Migration and Reason

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The Zaatari refugee camp in Jordan is home for 160,000 refugees who have escaped the brutal Syrian civil war. 6,000 people arrive a day (Getty Images)

The number of refugees has dramatically increased over the past three years with almost 60 million people migrated from their homes in 201440 percent more than in 2011. There exists a false perception that the majority of the immigrants to Europe are economic migrants. But they are not: they flee as desperate asylum seekers, not economic migrants. They flee persecution and human rights abuses.

The main countries of origin are Syria, Eritrea, Somali and Afghanistan while millions are being driven out of the Sudan, Yemen, Iraq, and Lebanon. The Syrian civil war, instigated by the United States and its Arab allies in 2011 has caused more than 3.5 million people over the border with an additional 7.5 million people within Syria having fled their homes from a volatility that is the direct and indirect consequence of the continued and centuries long exploitation of the continent by Europe and the United States. Nobody wants them.

Like modern Gullivers, (see gullible, google, yahoos etc) pinned and nudged to be ‘reasonable’ we watch the jackboot of the Hegelian dialectic speed up time, dismantle countries, and take the lives of children and beings we do not know – people we do not see, people we evidently do not regard as equals.

As Alan Watt recently noted on his radio show, our thoughts about such atrocities are accepted as real, while reason – the part where we recognize that we are all fundamentally similar and equal – that part we can’t seem to access.

Are we not are in danger of  becoming displaced ourselves –  psychologically deadened and damaged by merely observing and not acting to create alternatives to the “…hidden injuries, hidden wounds that have been inflicted on [the] children [of Syria] because of what they have experienced; the behavioral changes, the nightmares that they carry around with them – the way in which they can no longer function as normal children do”?

A wise man said, “the answer is never in the context that created the problem…thus let the past go and create the future.”

Damage of conflict on Syrian Children

http://www.voanews.com/content/un-highlights-effects-of-damaging-conflict-on-syrian-children/1868559.html

What is life like inside the largest Syrian refugee camp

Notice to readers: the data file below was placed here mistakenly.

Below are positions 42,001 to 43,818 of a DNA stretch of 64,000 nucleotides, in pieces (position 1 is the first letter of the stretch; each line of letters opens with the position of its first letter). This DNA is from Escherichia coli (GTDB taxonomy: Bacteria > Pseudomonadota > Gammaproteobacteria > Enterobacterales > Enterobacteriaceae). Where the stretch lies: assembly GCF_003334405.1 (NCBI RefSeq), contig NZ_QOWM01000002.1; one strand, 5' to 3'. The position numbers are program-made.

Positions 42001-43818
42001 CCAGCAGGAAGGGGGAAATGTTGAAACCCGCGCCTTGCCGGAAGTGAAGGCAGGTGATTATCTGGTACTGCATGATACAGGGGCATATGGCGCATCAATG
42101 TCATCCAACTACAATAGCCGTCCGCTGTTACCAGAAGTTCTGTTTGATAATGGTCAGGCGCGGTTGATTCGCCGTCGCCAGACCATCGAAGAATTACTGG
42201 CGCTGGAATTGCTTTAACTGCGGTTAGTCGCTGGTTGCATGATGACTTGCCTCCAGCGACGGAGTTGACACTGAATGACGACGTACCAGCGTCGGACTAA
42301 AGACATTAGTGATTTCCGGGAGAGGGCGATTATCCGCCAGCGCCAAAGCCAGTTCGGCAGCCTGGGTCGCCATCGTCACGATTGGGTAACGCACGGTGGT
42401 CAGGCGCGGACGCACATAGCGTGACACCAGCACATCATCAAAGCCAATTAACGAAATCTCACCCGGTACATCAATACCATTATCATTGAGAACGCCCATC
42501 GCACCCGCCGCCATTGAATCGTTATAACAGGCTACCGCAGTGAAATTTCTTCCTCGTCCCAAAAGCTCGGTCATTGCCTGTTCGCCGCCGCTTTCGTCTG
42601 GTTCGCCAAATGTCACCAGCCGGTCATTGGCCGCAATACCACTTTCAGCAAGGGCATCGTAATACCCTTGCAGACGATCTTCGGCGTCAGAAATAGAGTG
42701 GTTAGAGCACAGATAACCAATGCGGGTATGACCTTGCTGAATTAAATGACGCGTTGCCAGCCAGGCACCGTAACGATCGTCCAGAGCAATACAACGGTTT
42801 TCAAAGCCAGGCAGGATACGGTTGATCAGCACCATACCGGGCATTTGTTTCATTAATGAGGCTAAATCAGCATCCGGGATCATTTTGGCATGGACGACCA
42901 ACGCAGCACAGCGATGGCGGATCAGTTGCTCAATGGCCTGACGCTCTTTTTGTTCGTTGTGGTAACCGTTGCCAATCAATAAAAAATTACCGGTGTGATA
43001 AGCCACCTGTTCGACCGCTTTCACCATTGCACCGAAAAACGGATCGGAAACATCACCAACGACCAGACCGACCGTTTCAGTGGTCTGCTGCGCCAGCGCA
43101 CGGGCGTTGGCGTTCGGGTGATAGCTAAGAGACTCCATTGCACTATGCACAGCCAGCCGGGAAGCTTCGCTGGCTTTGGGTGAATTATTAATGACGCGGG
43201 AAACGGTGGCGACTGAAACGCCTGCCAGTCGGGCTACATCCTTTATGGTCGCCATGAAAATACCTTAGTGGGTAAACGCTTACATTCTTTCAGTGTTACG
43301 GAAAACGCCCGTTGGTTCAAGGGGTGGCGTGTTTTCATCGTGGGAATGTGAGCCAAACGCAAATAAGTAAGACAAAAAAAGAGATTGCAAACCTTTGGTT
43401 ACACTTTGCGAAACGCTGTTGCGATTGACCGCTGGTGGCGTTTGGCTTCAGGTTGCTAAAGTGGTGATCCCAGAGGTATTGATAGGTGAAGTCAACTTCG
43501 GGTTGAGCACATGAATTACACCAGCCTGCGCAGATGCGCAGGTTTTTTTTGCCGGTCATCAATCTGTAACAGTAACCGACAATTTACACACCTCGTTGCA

http://www.telegraph.co.uk/news/worldnews/middleeast/jordan/11782770/What-is-life-like-inside-the-largest-Syrian-refugee-camp-Zaatari-in-Jordan.html

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Torture Report

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I saw it on a TV show called 24. And they were able to save lives!

Yesterday’s report on the CIA’s use of torture was not a surprise, but it was still shocking…“interrogations that lasted for days on end. Detainees forced to stand on broken legs, or go 180 hours in a row without sleep. A prison so cold, one suspect essentially froze to death…the Senate Intelligence Committee is finally releasing it’s review of the CIA’s detention and interrogation programs and it is brutual.” (the Daily Beast)

State power using torture has been justified as a method of extracting information from potential psychopaths.  What if those administering the torture are themselves psychopathic? And what happens when we look in the mirror and see we’re the same because we allow it?

The aim of torture is to manipulate the human body. There are infinite ways torture of the bodies of this world exists: one is the withholding of food from those who,  just because they lack money, are unable to get it.

Writing about the Nazi system of torture in The Origins of Totalitarianism, Hannah Arendt wrote, “This new mechanized system [the Nazi prison system] eased the feeling of responsibility as much as was humanly possible. When, for instance, the order came to kill every day several hundred Russian prisoners, the slaughter was performed by shooting through a hole without seeing the victim.”

Allowing torture of any kind, especially the torture of children who do not have enough food, [nearly 37 percent of residents in  the South Bronx of New York  said they lacked money to buy food at some point in the past 12 months (1)],  makes us all complicit in “shooting through a hole without seeing the victim.”

The belief that one person cannot create a solution is perhaps the link to how we have come to accept a world in which torture is allowed. It’s OK as long as we don’t see it.

The Living Income Guaranteed can be a refuge – our commitment to humanity – and a way to rebuild our relationship with and for one another; for how can anyone say it is not torture to be hungry?

 

1. http://www.nytimes.com/2010/03/14/nyregion/14hunger.html

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